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The Latest Pull

COMIC REVIEW: SHUTTER #14

Image Comics

Writer: Joe Keatinge

Artists: Leila Del Duca & Owen Gini

Price: $2.99

 

 

Shutter’s “Year 2” is off to an interesting start, bringing in a new cast of characters as well as reintroducing old ones. Shutter #14 is the second issue of the arc, and does quite a bit of hopping around. Joe Keatinge does well at pacing through it all though and delivers another solid issue.

Following last month’s shocking turn of events, one would expect the characters to be in a bind. However, issue 14 starts off with unsettling humor, with more jokes than one would expect coming out of the violent situation. All the jokes land on target though, making this one of the funniest issues of the series so far. While the humor is spot on, the rest of the issue focuses on world building and a bit of exposition. The issue hops around from the discovery of a kidnapping to a search of both answers and self-identity. The protagonist has a lot of family that appears to come out of nowhere, and when new family shows up it somehow still comes as a surprise, and it’s always a treat.

 

This issue is mostly about setup, and I suspect that we will discover quite a bit during next month’s issue. While the pacing is solid enough, the content itself of the chapter doesn’t deliver enough to fully immerse readers. Some of the series’ better characters are absent, but the new characters introduced for Year 2 are full of promise.

Leila Del Duca easily makes up for this issue’s shortcomings. It seems like she manages to up her game every issue, and this might be the most visually-impressive issue so far. As always, character designs are unique and no character feels like they lack life. The issue also hops around a bit with shifts in both style and tone. Some pages are done without any color at all, but this greatly benefits what’s going on in the panels. Owen Gini’s colors are vibrant and full of life, and at its best, Shutter has some of the best colors in comics.

 

Shutter #14 starts fast and is has a few great, humorous moments between the quick pacing. While a lot doesn’t occur in its pages, it’s clear that the creative team is setting the series up for a great second act. Leila Del Duca’s art really elevates this title and the series never ceases to astound visually. If the final page of this issue is any indication, we should be seeing some of the craziest panels of the series next month.

Image Comics Writer: Joe Keatinge Artists: Leila Del Duca & Owen Gini Price: $2.99     Shutter’s “Year 2” is off to an interesting start, bringing in a new cast of characters as well as reintroducing old ones. Shutter #14 is the second issue of the arc, and does quite a bit of hopping around. Joe Keatinge does well at pacing through it all though and delivers another solid issue. Following last month’s shocking turn of events, one would expect the characters to be in a bind. However, issue 14 starts off with unsettling humor, with more jokes than one would expect coming out of the violent situation. All the jokes land on target though, making this one of the funniest issues of the series so far. While the humor is spot on, the rest of the issue focuses on world building and a bit of exposition. The issue hops around from the discovery of a kidnapping to a search of both answers and self-identity. The protagonist has a lot of family that appears to come out of nowhere, and when new family shows up it somehow still comes as a surprise, and it’s always a treat.   This issue is mostly about setup, and I suspect that we will discover quite a bit during next month’s issue. While the pacing is solid enough, the content itself of the chapter doesn’t deliver enough to fully immerse readers. Some of the series’ better characters are absent, but the new characters introduced for Year 2 are full of promise. Leila Del Duca easily makes up for this issue’s shortcomings. It seems like she manages to up her game every issue, and this might be the most visually-impressive issue so far. As always, character designs are unique and no character feels like they lack life. The issue also hops around a bit with shifts in both style and tone. Some pages are done without any color at all, but this greatly benefits what’s going on in the panels. Owen Gini’s colors are vibrant and full of life, and at its best, Shutter has some of the best colors in comics.   Shutter #14 starts fast and is has a few great, humorous moments between the quick pacing. While a lot doesn’t occur in its pages, it’s clear that the creative team is setting the series up for a great second act. Leila Del Duca’s art really elevates this title and the series never ceases to astound visually. If the final page of this issue is any indication, we should be seeing some of the craziest panels of the series next month.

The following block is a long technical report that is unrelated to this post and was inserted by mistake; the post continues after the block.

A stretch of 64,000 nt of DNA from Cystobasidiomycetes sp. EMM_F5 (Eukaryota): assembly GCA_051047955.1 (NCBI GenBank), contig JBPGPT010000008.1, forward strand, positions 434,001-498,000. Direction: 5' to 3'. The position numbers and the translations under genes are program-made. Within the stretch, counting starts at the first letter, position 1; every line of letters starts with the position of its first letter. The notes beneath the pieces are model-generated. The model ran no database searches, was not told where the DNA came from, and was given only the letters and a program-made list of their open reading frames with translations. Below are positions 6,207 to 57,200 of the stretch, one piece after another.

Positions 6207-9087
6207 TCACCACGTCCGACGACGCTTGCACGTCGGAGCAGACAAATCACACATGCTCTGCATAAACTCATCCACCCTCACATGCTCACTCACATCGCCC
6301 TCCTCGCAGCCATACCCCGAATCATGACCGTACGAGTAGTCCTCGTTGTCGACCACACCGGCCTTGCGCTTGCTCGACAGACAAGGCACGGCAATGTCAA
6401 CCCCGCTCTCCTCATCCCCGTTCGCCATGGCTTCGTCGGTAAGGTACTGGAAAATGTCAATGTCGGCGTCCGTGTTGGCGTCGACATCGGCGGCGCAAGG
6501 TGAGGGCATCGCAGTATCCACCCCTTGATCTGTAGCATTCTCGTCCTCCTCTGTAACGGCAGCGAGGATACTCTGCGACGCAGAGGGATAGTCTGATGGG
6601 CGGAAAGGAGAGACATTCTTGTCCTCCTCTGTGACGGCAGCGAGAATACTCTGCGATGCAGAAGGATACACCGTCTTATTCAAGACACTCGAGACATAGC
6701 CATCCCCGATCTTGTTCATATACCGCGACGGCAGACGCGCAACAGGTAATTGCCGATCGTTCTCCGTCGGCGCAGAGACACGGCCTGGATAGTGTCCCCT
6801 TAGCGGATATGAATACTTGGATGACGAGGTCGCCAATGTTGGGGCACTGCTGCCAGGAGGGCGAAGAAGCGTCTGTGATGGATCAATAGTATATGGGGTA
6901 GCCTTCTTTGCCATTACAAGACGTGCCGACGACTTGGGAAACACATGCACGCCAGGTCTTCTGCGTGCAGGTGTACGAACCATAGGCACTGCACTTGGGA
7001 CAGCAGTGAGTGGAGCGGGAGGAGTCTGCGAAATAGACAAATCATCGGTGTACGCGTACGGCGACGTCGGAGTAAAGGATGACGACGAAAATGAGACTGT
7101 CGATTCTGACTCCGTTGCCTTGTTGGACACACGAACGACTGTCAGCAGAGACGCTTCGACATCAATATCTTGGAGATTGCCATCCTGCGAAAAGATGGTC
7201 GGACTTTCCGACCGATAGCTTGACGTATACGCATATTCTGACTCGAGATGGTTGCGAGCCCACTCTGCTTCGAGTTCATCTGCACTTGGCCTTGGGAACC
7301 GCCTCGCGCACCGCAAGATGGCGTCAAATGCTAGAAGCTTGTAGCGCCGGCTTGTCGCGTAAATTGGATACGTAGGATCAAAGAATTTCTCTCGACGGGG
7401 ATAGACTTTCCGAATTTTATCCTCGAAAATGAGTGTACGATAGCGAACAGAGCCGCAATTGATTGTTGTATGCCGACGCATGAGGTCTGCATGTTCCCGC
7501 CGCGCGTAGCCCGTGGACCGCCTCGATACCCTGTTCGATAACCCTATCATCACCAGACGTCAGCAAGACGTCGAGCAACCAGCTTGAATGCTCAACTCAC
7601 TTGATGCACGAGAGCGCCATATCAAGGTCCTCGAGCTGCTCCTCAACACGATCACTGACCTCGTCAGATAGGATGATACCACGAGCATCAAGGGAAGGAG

Story - 6
Characters - 8
Art - 9.5

7.8

While it doesn't bring much new to the series, Shutter #14 is still a delight to read.

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